Tiny Bit of Crazy

A chronical of the laughter, revelations and transformations that are possible when you embrace the crazy

It’s Good To Be The Boss March 4, 2013

Filed under: It Ain't Easy Being Me,Work — Meredith @ 12:34 pm

Some people have hobbies to occupy their free time. Things like knitting, or learning karate, or dating.

I have a publishing company. Sort of the same thing, though right? It occupies the majority of my free time and it seems like every time I turn around I need to spend more money on it.

But its also fun, and lets me do some really creative and awesome things like providing the platform for the words of my friends and some talented friends of friends to be shared with the world.

Those are the days – the days when a writer sees their words in print, or their name listed on Amazon – that rock. Those are the days that make publishing feel like the best possible use of my free time.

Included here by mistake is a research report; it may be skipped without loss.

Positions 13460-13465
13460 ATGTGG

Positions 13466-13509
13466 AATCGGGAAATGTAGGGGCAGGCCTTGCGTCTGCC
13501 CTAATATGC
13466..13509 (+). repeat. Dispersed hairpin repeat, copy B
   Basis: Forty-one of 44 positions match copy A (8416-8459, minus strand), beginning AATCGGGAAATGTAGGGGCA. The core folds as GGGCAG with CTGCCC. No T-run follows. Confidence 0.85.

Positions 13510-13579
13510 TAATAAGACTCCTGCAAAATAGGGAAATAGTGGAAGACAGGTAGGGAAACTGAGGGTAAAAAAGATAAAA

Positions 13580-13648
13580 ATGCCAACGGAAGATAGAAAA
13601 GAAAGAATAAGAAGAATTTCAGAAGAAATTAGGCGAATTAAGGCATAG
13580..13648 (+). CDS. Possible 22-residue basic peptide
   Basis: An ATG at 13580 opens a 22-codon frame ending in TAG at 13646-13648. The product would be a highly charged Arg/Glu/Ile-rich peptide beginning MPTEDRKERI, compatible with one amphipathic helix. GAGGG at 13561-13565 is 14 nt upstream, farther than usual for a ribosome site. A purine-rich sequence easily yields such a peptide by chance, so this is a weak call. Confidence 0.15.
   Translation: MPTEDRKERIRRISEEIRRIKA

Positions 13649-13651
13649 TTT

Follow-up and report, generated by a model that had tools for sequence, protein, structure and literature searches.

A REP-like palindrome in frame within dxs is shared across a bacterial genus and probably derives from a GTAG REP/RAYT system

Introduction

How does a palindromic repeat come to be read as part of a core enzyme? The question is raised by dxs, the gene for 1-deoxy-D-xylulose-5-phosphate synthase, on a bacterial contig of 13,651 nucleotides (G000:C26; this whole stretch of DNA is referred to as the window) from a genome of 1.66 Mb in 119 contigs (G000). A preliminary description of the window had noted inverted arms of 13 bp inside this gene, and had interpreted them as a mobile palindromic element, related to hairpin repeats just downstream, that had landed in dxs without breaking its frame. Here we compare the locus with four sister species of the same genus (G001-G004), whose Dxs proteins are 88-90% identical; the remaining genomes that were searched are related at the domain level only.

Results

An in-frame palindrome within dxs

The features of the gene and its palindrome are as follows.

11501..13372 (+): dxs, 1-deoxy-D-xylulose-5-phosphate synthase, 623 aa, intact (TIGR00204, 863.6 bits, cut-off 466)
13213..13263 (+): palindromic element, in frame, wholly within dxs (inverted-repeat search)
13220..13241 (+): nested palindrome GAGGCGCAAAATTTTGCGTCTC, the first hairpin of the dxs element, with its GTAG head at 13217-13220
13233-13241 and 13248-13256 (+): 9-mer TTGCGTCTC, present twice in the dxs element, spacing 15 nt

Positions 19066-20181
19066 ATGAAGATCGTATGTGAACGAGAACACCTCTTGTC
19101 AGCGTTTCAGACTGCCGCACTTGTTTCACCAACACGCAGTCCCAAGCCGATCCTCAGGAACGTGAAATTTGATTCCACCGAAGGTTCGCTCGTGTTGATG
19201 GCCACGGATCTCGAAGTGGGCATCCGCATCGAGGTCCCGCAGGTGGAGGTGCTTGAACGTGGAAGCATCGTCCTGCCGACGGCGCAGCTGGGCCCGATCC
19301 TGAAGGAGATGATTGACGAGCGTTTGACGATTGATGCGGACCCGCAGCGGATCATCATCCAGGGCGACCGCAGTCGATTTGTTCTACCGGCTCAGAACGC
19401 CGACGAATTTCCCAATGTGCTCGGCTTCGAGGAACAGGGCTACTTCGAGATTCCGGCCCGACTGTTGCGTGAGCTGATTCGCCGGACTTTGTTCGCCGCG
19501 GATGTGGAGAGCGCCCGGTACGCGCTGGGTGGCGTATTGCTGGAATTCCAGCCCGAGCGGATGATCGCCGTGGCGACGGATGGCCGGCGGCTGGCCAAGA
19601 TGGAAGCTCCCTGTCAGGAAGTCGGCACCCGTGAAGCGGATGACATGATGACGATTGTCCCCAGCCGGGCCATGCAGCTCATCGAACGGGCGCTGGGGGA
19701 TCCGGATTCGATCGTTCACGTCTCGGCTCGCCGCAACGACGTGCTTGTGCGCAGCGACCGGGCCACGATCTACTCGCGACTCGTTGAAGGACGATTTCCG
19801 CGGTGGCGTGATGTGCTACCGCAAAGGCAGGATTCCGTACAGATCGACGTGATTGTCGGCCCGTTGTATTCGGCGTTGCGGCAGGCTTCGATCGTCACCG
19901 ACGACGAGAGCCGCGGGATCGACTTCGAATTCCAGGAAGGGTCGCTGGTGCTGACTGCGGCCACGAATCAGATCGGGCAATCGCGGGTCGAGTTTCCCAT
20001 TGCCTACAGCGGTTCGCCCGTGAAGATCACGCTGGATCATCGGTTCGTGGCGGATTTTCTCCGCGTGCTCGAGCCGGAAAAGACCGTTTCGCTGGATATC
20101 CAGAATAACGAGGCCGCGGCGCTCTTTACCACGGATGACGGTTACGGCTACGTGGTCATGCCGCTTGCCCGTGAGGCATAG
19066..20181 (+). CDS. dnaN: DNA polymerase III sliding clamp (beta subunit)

The most recent book I published is called Sucker for Love, The Book: True Tales about Loves Found, Lost, and Imagined, and it was published in partnership with my good friends over at SpeakeasyDC.

I took ten stories that have been told at the annual Valentine’s Day show called Sucker for Love over the past 4 years and asked the storytellers to adapt them to fit the page. Which mostly meant using words to explain things that had been conveyed with tone or posture on stage.

And…I happen to be one of the stories that I included. Because what’s the point of running a publishing company and giving all your evenings and weekends over to it if you can’t publish your own work, right?  Right. Although I’m realizing its a little bit terrifying to have my words out there in the world for everyone to read and judge. I now have a renewed respect for published authors, and a great appreciation for what it takes for them to get out and sell their book. I’m still going to ask them to do it ALL THE TIME, but I have a new respect for what that takes.